The word “vintage” is thrown around so loosely at times. I think we probably all have a general idea of what the word means, but would have a difficult time coming up with an accurate definition. I took it upon myself to do a little research.
The word “vintage” in its (quite literally) most organic form, has to do with viniculture. The dictionary defines it as “The yield of wine or grapes from a vineyard or district during one season.” Interestingly, the definition has a second part, “Wine, usually of high quality, identified as to year and vineyard or district of origin.” So in other words, vintage in a colloquial sense refers to wine that came from a really good year for a particular grape harvest.
No one seems to know how or why we decided to use a word completely unrelated to fashion to describe clothing. But then, things don’t always add up in our beloved English language.
When we say “vintage” now, we’re using it because of certain implied characteristics; it’s old and it’s good. It means we’re drawing from one of the better fashion “harvests” as it were, of the past.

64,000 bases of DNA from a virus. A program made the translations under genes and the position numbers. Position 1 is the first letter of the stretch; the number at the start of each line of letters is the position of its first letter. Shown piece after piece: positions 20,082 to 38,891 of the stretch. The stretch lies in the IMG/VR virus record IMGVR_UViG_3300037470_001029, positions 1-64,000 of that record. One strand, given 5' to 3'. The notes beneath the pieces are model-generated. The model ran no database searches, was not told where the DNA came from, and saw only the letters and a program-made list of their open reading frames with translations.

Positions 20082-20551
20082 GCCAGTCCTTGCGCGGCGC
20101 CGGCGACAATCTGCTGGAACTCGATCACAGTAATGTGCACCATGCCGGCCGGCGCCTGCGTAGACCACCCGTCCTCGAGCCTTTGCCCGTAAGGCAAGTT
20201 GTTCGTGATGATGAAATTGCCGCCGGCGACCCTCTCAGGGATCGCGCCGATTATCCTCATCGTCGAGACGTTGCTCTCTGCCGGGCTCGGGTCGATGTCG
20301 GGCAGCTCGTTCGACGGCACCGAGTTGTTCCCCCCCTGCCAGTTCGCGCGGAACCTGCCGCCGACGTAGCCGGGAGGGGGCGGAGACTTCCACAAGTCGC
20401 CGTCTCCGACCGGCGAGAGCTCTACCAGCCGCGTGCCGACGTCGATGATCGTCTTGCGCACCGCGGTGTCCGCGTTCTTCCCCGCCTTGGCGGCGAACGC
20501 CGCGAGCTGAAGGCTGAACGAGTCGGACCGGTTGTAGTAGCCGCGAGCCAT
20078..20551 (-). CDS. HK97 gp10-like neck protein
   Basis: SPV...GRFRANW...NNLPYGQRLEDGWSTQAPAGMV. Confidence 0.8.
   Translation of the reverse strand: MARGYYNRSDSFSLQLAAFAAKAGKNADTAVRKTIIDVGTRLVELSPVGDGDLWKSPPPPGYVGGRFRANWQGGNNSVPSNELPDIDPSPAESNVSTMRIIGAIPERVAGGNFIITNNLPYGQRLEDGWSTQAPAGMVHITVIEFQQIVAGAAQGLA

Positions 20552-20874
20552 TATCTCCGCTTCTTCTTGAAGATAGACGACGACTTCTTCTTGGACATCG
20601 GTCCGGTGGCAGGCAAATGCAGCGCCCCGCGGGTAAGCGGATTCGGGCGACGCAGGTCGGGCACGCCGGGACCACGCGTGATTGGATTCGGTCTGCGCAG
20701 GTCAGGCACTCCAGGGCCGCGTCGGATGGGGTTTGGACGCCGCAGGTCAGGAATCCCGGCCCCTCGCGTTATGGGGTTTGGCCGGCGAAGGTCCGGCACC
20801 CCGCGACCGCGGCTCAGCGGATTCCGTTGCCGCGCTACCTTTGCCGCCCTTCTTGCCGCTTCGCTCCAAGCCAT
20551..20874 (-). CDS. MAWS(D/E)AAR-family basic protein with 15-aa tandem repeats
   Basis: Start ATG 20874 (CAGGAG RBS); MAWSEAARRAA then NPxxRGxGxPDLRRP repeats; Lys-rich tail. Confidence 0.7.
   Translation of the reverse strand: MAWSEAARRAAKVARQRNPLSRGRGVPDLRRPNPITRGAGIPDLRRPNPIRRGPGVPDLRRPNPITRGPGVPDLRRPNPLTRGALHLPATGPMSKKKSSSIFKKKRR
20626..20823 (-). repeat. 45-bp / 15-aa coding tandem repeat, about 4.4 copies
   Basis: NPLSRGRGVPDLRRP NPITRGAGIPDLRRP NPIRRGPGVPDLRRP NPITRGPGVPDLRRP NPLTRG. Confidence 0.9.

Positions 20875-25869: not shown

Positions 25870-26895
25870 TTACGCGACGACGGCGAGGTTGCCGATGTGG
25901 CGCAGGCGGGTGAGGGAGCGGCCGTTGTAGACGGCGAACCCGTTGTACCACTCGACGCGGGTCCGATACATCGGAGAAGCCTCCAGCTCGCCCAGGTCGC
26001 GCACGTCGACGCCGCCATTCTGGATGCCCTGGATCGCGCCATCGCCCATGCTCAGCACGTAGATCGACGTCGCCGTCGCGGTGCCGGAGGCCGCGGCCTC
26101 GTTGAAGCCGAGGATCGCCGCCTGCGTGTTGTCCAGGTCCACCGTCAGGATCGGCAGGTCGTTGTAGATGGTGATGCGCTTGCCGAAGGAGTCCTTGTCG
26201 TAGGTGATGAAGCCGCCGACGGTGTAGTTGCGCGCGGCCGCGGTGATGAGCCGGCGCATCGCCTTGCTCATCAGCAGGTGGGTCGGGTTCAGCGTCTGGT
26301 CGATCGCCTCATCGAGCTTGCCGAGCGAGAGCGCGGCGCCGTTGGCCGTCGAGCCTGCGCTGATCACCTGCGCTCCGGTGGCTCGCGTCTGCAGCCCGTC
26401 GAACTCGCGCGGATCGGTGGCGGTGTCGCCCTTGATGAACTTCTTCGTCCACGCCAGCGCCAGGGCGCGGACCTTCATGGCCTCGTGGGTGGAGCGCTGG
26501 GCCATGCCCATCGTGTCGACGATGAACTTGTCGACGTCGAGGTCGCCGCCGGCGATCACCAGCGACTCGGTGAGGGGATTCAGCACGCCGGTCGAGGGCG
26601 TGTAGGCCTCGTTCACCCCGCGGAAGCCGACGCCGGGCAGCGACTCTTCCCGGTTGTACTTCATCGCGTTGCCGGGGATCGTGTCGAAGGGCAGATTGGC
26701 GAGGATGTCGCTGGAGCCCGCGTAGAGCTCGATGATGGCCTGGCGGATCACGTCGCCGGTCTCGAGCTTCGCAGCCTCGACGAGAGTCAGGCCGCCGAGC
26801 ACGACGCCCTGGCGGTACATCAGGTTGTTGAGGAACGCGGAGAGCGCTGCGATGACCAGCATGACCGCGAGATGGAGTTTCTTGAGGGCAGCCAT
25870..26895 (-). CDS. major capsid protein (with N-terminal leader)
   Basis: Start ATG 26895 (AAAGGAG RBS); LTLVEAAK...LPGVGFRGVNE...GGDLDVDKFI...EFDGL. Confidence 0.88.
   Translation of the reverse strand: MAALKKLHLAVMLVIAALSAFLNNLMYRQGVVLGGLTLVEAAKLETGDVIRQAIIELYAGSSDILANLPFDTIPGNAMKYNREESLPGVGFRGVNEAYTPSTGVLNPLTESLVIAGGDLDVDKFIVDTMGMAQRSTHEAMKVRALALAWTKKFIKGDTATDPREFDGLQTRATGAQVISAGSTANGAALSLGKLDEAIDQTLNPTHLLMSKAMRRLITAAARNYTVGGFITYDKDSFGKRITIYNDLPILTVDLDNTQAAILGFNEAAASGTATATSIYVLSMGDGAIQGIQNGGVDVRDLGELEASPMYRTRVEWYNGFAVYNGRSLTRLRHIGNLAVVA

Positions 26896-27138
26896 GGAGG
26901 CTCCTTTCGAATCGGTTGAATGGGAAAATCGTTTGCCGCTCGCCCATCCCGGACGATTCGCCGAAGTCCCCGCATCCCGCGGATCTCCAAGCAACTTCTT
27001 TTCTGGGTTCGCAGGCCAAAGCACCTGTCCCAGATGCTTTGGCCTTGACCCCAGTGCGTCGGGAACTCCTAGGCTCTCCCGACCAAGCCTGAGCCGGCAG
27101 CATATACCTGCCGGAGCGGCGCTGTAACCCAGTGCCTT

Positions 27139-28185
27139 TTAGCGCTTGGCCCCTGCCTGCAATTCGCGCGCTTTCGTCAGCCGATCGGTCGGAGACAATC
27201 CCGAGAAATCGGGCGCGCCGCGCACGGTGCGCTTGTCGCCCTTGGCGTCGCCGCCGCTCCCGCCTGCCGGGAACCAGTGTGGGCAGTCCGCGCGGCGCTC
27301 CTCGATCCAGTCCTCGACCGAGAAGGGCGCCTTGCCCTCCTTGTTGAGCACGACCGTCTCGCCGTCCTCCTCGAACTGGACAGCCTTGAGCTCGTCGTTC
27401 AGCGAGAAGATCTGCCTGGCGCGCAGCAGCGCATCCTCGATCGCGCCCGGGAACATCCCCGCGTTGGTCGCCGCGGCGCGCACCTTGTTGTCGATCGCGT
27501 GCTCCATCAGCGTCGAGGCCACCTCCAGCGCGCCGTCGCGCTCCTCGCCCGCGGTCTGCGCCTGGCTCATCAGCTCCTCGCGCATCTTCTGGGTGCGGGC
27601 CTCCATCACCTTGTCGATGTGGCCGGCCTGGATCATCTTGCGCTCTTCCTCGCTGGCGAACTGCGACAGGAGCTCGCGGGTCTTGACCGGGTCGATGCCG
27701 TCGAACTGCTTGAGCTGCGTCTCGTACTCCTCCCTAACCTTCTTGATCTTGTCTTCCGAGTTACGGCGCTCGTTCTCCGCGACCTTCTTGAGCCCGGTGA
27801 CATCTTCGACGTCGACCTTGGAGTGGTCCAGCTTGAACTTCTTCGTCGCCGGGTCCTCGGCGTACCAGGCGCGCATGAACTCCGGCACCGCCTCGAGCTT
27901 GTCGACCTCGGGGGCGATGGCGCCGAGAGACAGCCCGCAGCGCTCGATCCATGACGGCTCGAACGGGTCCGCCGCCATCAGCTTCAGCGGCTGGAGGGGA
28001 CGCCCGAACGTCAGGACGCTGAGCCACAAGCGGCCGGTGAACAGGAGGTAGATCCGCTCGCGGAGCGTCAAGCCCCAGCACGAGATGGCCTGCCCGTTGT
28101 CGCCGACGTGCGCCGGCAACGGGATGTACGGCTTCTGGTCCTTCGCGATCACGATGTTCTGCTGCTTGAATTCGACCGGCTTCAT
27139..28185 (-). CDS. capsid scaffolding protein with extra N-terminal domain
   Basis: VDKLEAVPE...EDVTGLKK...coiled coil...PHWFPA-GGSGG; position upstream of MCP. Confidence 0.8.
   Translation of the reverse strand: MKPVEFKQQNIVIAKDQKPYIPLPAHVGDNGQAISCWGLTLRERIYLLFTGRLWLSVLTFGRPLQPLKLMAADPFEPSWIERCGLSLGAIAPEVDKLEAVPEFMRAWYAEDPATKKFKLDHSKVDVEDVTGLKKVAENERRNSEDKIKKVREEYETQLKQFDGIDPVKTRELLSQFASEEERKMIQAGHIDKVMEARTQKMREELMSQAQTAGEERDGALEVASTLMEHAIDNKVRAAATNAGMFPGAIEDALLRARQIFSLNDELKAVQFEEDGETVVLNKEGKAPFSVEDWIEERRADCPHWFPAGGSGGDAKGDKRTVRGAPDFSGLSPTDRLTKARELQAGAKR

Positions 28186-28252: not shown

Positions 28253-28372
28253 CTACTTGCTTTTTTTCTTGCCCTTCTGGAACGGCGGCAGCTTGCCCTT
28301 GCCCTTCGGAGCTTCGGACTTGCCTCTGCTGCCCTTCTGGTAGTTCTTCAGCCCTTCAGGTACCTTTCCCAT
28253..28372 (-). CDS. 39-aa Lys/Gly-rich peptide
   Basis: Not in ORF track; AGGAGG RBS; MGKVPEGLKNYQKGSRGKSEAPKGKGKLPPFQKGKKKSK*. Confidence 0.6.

In fashion, vintage doesn’t necessarily mean that the clothes are physically old, but that they reference an older era for style. You’ll see Ralph Lauren or Dolce and Gabbana with lines that have “vintage” elements. That’s because just like wine connoisseurs know the vintage wines, fashion designers know vintage clothing.
So, as a point of reference, on this blog we’re looking at vintage clothes because they are some of the best styles from the past. Whether they’re literally from 1937 or just made in 2007, we’re going to go to stores that are dedicated to these items and any other places where they may pop up.